I said this was an article about ethics, so perhaps we can stop being pedants about the evidence and move on to what our obligations should be as a result of the evidence. We dislike personal responsibility to the community. At the furthest extremes, there are folks who think we are so insanely incapable of improving our actions and behaviors that we should just un-ironically choose to voluntarily go extinct. I can think of a few folks I hope join that movement, but it strikes me as an illustration of just how much we want to avoid acting ethically in light of our unique impact on the biosphere – perhaps a fear that we are incapable of being better humans.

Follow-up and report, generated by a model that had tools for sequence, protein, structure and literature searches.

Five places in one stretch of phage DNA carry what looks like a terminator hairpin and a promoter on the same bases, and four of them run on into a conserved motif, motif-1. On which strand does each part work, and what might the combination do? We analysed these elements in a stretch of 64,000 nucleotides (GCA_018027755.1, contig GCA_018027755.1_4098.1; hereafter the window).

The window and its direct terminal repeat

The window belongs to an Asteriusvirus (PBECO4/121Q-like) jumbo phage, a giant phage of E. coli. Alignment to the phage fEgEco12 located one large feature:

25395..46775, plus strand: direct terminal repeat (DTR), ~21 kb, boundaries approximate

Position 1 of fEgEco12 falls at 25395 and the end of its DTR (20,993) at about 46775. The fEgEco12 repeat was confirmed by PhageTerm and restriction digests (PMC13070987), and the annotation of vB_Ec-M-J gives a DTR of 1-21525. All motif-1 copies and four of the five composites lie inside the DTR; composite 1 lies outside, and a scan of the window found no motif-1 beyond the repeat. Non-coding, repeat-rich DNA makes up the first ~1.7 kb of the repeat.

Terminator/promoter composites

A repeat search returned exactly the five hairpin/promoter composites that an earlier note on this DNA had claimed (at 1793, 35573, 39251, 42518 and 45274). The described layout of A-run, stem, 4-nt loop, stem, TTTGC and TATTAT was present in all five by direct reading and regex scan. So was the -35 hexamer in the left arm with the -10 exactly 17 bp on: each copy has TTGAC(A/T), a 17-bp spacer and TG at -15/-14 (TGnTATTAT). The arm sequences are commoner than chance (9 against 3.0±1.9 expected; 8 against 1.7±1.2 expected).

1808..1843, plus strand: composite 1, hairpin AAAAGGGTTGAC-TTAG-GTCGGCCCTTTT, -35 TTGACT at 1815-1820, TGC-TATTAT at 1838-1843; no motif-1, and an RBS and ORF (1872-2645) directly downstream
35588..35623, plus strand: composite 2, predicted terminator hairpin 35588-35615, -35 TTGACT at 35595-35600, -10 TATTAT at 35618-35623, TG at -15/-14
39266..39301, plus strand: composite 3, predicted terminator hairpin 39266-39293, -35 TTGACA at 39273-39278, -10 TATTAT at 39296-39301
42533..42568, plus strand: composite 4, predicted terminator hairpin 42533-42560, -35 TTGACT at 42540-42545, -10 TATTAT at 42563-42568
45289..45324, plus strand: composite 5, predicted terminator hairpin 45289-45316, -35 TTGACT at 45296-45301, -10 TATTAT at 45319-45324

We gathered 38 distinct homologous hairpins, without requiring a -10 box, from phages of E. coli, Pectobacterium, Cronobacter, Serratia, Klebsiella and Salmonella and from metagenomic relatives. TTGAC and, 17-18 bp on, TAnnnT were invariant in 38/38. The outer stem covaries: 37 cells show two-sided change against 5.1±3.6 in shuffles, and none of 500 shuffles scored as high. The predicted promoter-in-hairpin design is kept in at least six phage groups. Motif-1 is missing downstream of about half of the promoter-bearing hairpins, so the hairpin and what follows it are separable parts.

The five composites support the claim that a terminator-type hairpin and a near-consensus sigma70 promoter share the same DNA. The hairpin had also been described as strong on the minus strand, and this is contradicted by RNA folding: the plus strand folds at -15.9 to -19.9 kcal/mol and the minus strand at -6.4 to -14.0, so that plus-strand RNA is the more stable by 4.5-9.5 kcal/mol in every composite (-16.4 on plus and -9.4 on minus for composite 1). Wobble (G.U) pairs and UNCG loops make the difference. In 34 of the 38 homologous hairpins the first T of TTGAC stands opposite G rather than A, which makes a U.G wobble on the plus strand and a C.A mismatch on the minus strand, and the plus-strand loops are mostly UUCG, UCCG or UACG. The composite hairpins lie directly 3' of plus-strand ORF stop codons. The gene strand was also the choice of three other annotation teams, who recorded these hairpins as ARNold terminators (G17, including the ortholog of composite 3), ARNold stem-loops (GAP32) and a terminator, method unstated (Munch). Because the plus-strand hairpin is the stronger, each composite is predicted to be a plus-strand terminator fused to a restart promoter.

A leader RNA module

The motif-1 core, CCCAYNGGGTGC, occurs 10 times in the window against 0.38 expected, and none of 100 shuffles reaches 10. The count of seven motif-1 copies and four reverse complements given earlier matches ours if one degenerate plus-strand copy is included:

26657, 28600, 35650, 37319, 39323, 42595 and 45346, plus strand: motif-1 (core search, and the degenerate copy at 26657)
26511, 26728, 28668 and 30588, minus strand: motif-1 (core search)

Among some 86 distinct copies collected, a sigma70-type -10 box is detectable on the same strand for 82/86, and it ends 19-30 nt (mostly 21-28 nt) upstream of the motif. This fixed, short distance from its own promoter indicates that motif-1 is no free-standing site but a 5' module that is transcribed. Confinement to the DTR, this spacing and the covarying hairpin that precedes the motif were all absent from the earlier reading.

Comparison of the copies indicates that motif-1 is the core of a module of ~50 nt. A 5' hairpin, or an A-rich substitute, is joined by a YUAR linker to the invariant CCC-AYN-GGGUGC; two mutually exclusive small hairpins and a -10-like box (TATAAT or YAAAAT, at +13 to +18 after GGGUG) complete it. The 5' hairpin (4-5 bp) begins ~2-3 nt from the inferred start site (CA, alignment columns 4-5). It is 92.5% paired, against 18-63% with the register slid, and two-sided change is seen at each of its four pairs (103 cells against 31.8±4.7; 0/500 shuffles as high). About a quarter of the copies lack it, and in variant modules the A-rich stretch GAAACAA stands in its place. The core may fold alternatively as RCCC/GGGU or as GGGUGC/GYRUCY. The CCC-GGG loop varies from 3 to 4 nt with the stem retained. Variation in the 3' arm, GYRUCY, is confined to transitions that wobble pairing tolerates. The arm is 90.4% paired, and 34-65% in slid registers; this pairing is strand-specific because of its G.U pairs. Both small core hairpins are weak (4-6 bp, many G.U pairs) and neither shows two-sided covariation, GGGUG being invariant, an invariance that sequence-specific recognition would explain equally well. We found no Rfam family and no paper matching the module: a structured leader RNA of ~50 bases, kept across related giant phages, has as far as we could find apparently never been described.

This might be a perfectly reasonable fear. Despite a large body of ecological ethical philosophy that has popped up for the past 50 years, not much of it has been discussed beyond academia, certainly not in the type of national and international dialogue that is necessary for these ideas about human behavior to reach the individual, common person in a meaningful and considered manner. Science published “The Historical Roots of our Ecologic Crisis” in 1967 and “The Tragedy of the Commons” in 1968, but serious efforts at making Anthropocene Ethics a part of the educational system, and a part of the way we are all brought up in the world have not taken hold or become anything close to learning-norms. We have been able to do things about other self-made crises. We have reined in nuclear proliferation, and fight an ongoing battle to keep it that way. We have reduced warfare and poverty in massive amounts. But we remain startlingly incapable of controlling our dominion over the environment. We need to be challenged with the following questions for ourselves: